Your boat is beginning to look suspiciously 'Museum Standard'!πŸ‘ Yep, shame about Kingston, but can understand why Robin didn't want to build for Frank's kits anymore (or anyone else's for that matter) wouldn't fit in with his No Hectic policy! Re 'tin bashing! Here's a couple of examples of my last attempts from several years ago, from my H Class 1936 destroyer, scale 1/72. I note that they need the years of neglect cleaning off πŸ€” I'll pass it off as North Atlantic Convoy duty muck😁 First two pics 20mm Oerlikons, made from 0.5mm brass sheet, 1mm copper for the carriage frames and 1 and 2mm
    brass tube
    . Guns can elevate πŸ˜‰ Recoil 'springs' are shrink sleeve, but I now have some suitable real springs. Will try to finish them off when Hotspur comes up for refit completion. Pic 3 is one of the depth charge throwers port side. Core is a 1/4" wood dowel, the rest is 0.5mm brass, tinned copper wire and 2mm
    brass tube
    for the firing cylinder. I used John Lambert (RIP) plans for both. Pic 4, the thrower on deck and copper wire ladder rails, crewman shanghaied from Monty's 1/72 Airfix 8th Army. A Desert Rat on board! Under the black square is the hole for the aft torpedo mount. Underneath is the speaker for the "Whoop Whoop". That part of the 'deck' is just painted aircraft silk! Must get back into practise now I've got nowt more important to do 😁 Cheers Doug 😎
    1 year ago by RNinMunich
    Response
    Devil in the detail!
    Hi Doug, Looking at my rudders comparing them to some pics I’ve found online, my rudders are too big and therefore I will reduce them in size, no biggie, 10 minutes work should see that done. Back to the struts. I would have made them from brass, however as my propshafts are in
    brass tube
    s for the whole length, I feel that the plastic versions I’ve made should be ok for aesthetics as the
    brass tube
    s seem rigid enough, hopefully no chance of any whip? I’m planning on running this on 2S lipo to give a scale speed, all depends what the watt meters says when I test the motors with props in water. Having the option to go to 3S if needed. I don’t plan on having a great deal of rudder throw and will programme in some expo to soften the rudders throw. Of course, if needed, I am more than happy to make adjustments and incorporate recommendations as given by the lovely people on this forum. it’s still a learning curve for me as I bring 45 years of aircraft experience over to the boat world! if anyone requires any aircraft advice, I’m your man!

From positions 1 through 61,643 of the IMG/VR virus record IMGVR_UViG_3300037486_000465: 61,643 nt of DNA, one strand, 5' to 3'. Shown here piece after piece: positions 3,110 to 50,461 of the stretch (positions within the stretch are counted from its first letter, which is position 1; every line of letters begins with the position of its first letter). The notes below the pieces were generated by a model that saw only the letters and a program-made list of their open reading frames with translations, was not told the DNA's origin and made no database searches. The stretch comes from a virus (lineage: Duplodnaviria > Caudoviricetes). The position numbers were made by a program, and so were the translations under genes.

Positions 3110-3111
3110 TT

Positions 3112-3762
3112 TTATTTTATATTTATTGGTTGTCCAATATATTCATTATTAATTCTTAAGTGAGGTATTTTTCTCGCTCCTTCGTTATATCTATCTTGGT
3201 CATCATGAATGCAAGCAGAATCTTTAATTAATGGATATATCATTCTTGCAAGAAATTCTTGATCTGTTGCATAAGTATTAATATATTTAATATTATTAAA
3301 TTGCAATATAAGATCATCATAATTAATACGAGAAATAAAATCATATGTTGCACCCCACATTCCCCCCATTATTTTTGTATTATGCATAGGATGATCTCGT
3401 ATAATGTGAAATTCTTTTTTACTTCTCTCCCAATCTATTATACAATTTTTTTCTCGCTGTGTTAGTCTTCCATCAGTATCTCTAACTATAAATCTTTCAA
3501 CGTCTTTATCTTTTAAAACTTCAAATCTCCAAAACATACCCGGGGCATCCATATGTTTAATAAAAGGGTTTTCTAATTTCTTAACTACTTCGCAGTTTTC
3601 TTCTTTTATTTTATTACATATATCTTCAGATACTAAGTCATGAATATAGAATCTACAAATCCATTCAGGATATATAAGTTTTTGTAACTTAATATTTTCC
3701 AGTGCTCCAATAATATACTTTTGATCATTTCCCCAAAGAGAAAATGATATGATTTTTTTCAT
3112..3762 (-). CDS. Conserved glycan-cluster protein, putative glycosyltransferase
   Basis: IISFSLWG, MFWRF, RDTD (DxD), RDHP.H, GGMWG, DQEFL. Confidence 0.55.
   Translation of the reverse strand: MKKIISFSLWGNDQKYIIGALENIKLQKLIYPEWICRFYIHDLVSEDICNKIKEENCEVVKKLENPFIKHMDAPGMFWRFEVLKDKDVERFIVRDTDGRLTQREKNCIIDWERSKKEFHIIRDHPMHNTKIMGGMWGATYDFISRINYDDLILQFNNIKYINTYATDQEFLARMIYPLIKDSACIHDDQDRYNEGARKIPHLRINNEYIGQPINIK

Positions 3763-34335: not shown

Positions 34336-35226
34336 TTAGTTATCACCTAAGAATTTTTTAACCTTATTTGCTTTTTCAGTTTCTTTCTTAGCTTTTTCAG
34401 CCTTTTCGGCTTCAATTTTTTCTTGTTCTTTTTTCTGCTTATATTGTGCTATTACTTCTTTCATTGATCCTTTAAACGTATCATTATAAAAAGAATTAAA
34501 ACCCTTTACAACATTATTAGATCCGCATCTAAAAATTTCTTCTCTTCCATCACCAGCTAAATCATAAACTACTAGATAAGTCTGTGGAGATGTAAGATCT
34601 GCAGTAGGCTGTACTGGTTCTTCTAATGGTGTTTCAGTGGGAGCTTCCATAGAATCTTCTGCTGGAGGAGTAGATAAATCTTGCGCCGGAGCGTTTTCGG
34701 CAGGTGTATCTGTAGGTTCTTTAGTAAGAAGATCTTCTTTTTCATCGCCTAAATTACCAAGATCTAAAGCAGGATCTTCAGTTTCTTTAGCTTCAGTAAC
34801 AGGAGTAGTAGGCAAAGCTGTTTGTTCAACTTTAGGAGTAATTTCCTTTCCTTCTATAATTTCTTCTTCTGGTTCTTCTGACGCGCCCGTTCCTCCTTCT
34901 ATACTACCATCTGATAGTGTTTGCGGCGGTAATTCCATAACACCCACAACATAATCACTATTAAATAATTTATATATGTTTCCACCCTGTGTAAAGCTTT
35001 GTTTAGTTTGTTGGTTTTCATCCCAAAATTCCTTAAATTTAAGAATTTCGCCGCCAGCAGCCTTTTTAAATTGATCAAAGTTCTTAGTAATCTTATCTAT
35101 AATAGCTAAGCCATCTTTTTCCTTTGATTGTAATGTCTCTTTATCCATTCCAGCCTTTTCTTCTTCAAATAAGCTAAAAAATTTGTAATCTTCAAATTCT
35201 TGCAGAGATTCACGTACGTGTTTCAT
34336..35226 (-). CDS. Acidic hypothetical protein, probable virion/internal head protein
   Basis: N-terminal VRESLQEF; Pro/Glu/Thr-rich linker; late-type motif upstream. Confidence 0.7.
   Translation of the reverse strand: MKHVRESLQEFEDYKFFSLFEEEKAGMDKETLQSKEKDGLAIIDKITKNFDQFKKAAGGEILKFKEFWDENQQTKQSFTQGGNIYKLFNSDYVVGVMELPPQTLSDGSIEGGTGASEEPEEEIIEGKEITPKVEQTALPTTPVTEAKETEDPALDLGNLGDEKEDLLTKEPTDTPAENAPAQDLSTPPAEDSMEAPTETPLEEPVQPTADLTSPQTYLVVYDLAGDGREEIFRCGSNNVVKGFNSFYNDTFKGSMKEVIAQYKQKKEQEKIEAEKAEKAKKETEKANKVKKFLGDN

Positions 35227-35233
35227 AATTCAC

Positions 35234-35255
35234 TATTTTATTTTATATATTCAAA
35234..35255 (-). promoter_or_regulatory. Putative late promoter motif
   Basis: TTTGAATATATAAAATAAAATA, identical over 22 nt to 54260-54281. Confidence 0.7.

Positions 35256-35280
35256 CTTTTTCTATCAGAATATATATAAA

1 year ago by Skydive130
    Response
    Devil in the detail!
    I'm with you there Skydive πŸ‘What Boatshed means is the part of the rudder in front of the stock. Thinks: are you building an Offshore Power Boat or a scale Lifeboat? If the former then follow Boatshed's recommendation. If the latter and the rudder is 'scale' then leave it alone. Any braking effect, which usually is only significant in a fast racing boat model or other fast planing types, can be diminished by reducing the rudder servo throw at the TX. One should also consider how the original behaved, maybe they did 'dig in' maybe not. There has to be a reason why such rudders were developed, and surely not just to annoy modellers 😁 One more minor point that struck me - Ouch 😭 Your prop struts! "not that it provides a huge amount of support but adds to the scale appearance." Even in a model they can be important. To help reduce potential whipping of the propshaft, especially if the model is overpowered. Actually in the originals they were vital, especially in larger vessels. The purpose of these struts, in larger vessels 'A' frames, is to provide support to the end of the shaft which carries the prop weighing several tons and, more important, to carry the bearing for the outer end of the shaft! Actually in the originals the shaft tube, or 'Stuffing Box' would not extend significantly beyond the hull. Thus the strut or A frame was vital for the shaft end bearing, fitted immediately in front of the prop for maximum stability. Attached pics of my HMS Belfast (sorry don't 'ave nutt'n smaller with this featureπŸ€”) show the arrangement. Have witnessed such construction in various shipyards around the world. Last one in UK was the first T45, quite an experience! 😲 In the end she's your boat, if it feels good do it! πŸ˜‰ I would leave the rudder alone if it is 'as fitted'. πŸ‘ I make my struts and A frames from brass sheet and tube. Cheers Doug 😎 PS Stick with the brass Donnie! πŸ‘